The conference was opened with a message from President Ben Ali of Tunisia and afforded many of us from outside Africa an appreciation for African issues and their aspirations for growth and development in part from the benefits of an optics and photonics based economy. The conference and its setting afforded the attendees ample opportunity to experience the generosity, friendship, hospitality, and kinship of the African optics community. In that regard ICO encouraged close collaboration between African countries and initiatives such as LAM has initiated and codified to which other initiatives should seek opportunities to collaborate in a complementary manner. The African optics and photonics community should work together in concert coherently and not in a fragmentary manner as their facilities are somewhat limited while their human resources abound. Communication and cooperation are key and ICO will help give visibility, support and assistance to any partnership. As such ICO will champion and assist as Africa grows its optics enterprise and enters and participates in the international optics community.
Besides reports on many fundamental research areas in the field of optics especially those at the forefront, many were of an applied nature in areas important for the development of the African continent. Those stressed included, e.g., agriculture, pollution and other environmental issues, biomedical, biological, communication, education, and other informational related subjects such as storage, etc. The proceedings of the conference will be placed on the web for easy access.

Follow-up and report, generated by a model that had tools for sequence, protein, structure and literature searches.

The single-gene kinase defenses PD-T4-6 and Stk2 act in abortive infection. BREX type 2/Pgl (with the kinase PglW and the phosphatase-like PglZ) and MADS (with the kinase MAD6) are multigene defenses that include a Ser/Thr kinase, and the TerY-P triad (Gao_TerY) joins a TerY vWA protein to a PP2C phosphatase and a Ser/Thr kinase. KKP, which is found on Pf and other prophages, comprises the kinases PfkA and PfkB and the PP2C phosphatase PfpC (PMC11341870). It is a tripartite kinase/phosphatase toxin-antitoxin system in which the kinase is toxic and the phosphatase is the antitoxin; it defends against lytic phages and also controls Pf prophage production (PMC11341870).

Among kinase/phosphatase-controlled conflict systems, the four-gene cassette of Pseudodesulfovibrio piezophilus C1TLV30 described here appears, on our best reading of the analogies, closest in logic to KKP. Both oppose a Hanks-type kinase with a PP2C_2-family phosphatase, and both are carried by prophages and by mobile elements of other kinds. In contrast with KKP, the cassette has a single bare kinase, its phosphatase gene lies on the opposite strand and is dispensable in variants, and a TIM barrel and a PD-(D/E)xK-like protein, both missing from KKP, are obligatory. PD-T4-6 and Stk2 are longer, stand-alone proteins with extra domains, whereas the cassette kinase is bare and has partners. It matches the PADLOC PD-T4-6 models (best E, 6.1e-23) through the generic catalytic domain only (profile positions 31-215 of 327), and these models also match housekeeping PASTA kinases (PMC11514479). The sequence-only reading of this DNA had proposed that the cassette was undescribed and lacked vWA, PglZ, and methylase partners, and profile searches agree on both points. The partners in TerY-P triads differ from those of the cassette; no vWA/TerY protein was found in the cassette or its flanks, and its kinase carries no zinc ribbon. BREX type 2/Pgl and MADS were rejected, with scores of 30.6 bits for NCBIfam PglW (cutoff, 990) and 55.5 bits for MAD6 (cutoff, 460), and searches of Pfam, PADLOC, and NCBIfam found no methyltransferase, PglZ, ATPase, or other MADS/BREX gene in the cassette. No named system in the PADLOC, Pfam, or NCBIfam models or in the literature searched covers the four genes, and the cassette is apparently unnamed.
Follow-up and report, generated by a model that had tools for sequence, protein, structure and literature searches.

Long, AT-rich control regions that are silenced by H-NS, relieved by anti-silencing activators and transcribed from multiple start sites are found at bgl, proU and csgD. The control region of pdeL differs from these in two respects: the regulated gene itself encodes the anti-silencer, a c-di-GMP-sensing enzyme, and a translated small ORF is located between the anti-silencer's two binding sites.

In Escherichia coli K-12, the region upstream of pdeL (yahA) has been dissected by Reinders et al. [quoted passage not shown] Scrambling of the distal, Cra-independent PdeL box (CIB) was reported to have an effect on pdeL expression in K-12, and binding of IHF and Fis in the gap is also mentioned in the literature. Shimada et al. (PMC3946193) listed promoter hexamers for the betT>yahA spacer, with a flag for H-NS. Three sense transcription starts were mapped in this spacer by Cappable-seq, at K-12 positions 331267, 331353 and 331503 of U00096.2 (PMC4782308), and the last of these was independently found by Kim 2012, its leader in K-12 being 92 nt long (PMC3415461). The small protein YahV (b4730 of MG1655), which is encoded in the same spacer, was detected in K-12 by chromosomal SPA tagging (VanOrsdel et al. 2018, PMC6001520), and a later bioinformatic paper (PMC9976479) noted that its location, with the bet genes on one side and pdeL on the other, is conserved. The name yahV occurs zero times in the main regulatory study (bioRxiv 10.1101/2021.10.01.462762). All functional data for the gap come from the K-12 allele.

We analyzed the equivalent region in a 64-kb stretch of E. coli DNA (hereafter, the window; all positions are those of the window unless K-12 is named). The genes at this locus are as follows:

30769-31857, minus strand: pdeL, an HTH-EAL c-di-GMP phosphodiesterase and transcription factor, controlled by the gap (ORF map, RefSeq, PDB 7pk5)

The meeting also offered opportunities for related discussions such as planning for the development of the National Laser Centre in South Africa and its intention to assist in the development of as many as 6 optics centers around the African Continent allowing for equipment sharing and operations at various locations (see Table). This fledging initiative is an opportunity to boost Africa's entry into the global optics world which can be assisted by Professor Wagué in his role as a Vice President within ICO representing LAM.
All in all the meeting was an unqualified success, but besides that it was an investment of many individuals time. What will be important are the dividends Africa will accrue from that investment through interactions made possible by the many new associations made. Already planning is taking place for LAM-7. LAM-6 will be a tough act to follow.
Arthur H. Guenther, Ari T. Friberg and Pierre Chavel
In this section we inform on a new book published by Vladimir Lukin, a recipient of the ICO Galileo Galilei Award 2000. The title of this monograph is: Adaptive Beaming and Imaging in the Turbulent Atmosphere and has been published co-authored with Boris V. Fortes, both researchers are from the Institute of Atmospheric Optics (Novosibirsk, Russia) at the Laboratory of Applied and Adaptive Optics. The edition is from SPIE Press, Vol. PM109, September 2002, it is an update of the Russian Adaptivnoe Formirovanie Puchkov i Izobrazhenii v Atmosfere edited by the Publishing House of the Siberian Branch of the Russian Academy of Sciences, Novosibirsk, 1999 (translated by A.B. Malikova). With a total of 220 pages and five chapters, the main contents are: - Mathematical Simulation of Laser Beam Propagation in the Atmosphere. - Modeling an Adaptive Optics System. - Adaptive Imaging. - Minimization and Phase Correction of Thermal Blooming of High-Power Beams. - A Laser Reference Beacon as a Key Element of an Adaptive Optics System. This book is available in : http://spie.org/web/abstracts/oepress/PM109.html